The Salman Rushdie affair: Thirty years and a novelist later
The novel Satanic Verses was assassinated on Valentine’s Day, February 14, 1989.
Who still remembers, or cares to remember, or cares at all about the “Salman Rushdie affair”?
Thirty years ago, on Valentine’s Day, February 14, 1989, the late Ayatollah Khomeini, then the supreme leader of Iran, issued a religious decree, a fatwa, condemning the British Indian novelist Salman Rushdie to death.
Up until that fateful decree, the name Salman Rushdie was known only to a community of South Asian literary aficionados admiring a gifted Mumbai-born novelist whose piercing prose and wicked sense of humour had given the world such literary gems as Midnight’s Children (1981) and Shame (1983).
Keep readinglist of 4 items
Listen to Ramadan greetings in different languages
World premiere play spotlights US Assyrian diaspora community
World Poetry Day: Can you tell which poem was written by ChatGPT?
What had triggered the Ayatollah’s ire, and indeed the fury of many other Muslims, particularly in Pakistan, was Rushdie’s novel called Satanic Verses which had just come out.
The book was written and published in English. The ayatollah did not read English. He was reacting to the reaction of others who had not read the novel either.
It was all a comedy of terrors.
It was just a novel
In the events that unfolded 30 years ago, timing played a key role. Satanic Verses was first published in the United Kingdom late in September 1988, around a month after Ayatollah Khomeini had begrudgingly agreed to the end of the calamitous Iran-Iraq War.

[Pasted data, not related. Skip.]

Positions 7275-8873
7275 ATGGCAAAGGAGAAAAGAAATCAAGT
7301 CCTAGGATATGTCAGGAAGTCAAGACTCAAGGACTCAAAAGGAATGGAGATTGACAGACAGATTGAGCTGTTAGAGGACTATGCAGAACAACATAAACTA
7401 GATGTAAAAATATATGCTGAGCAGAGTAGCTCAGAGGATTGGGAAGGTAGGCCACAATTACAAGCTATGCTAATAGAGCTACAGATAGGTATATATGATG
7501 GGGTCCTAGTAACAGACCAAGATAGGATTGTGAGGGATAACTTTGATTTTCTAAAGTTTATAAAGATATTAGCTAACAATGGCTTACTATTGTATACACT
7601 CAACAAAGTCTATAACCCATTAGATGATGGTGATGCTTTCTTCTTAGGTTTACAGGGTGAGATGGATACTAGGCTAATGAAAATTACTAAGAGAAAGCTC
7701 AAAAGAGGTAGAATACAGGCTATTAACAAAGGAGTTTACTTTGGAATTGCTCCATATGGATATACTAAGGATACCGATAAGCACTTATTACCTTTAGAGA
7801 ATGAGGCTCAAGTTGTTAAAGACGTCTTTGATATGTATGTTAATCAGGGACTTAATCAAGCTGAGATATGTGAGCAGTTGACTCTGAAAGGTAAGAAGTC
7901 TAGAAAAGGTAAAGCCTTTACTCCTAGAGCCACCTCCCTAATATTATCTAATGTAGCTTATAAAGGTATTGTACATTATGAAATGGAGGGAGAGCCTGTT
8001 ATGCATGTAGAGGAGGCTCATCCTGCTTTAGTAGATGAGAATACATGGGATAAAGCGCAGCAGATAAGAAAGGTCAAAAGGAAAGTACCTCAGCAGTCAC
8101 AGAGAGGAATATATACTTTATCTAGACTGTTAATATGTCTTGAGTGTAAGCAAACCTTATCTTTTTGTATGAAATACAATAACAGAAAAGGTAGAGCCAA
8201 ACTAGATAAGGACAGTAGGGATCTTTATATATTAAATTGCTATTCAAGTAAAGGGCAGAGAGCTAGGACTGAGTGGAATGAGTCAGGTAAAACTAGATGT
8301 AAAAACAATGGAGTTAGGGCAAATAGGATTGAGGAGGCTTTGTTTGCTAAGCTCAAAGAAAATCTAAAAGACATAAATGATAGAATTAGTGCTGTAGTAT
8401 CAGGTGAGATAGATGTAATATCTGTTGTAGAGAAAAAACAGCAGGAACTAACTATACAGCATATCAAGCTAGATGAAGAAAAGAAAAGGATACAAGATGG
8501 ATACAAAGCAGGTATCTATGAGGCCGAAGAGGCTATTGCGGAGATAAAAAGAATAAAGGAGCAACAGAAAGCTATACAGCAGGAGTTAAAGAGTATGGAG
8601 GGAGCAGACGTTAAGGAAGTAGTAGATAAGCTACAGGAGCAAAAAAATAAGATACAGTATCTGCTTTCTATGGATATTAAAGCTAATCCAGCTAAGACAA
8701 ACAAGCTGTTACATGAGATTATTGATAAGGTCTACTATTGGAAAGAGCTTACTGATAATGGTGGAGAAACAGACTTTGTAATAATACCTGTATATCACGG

At that time, his rule was shaken from the discovery of a scheme in which Iran was receiving arms shipments from the United States – or “the Great Satan” as the ayatollah was publicly calling it – in exchange for its help in securing the release of American hostages held by his client outfit, Hezbollah.
Between “the Iran-Contra Affair” in 1986, as it was more notoriously known in the US, and the end of Iran-Iraq war (1980-1988), Khomeini was politically outmanoeuvred and in desperate need of subterfuge for his next moves.
The mass execution of political prisoners in 1986 by his direct order, the sustained course of university purges since the commencement of the revolution, and the engineering of Hezbollah in Lebanon since the Israeli invasion of 1982 were necessary but not sufficient for him. He wanted to guarantee the perpetuity of the theocracy he had established and he had a reason to worry about its future.
Mehdi Hashemi, the Iranian liaison who helped expose the Iran-Contra Affair in 1986, was a close ally to Ayatollah Hussein Ali Montazeri, an heir apparent to Ayatollah Khomeini, who had incensed him with his opposition to the mass execution of political prisoners and who was about to be demoted for his disobedience.
So in February 1989, the Iranian supreme leader was very much preoccupied with guaranteeing the continuation of the Islamic Republic he had established. He needed to order a redrafting of the constitution in a way to allow his devoted follower Ali Khamenei (the current supreme leader of Iran), who had nowhere near the qualifications of Montazeri, to succeed him. He needed yet another smokescreen, just like the American Hostage Crisis of 1979-1981, which had allowed him to consolidate power by wiping out his political rivals.
Rushdie’s Satanic Verses showed up at an opportune time. It had come out of nowhere and the ayatollah would take it somewhere else.
At issue were certain passages in the novel some Muslims had found blasphemous. In November 1988, the book was banned in Pakistan, where demonstrations had broken out. Rallies within expat South Asian communities in the UK also took place. An international bandwagon was emerging and Khomeini readily jumped on it.
On Valentine’s Day 1989, he issued a fatwa (a legal opinion or decree handed down by an Islamic religious authority) ordering the execution of Salman Rushdie. The misfortunate author went into hiding. There was a global outcry against Khomeini’s illiberal book review.
As the mostly Western indignation grew louder, the Ayatollah quickly pushed through the formation of a constitutional assembly to revise the constitution of his Islamic Republic and prepare Khamenei to succeed him. He knew he did not have much time left.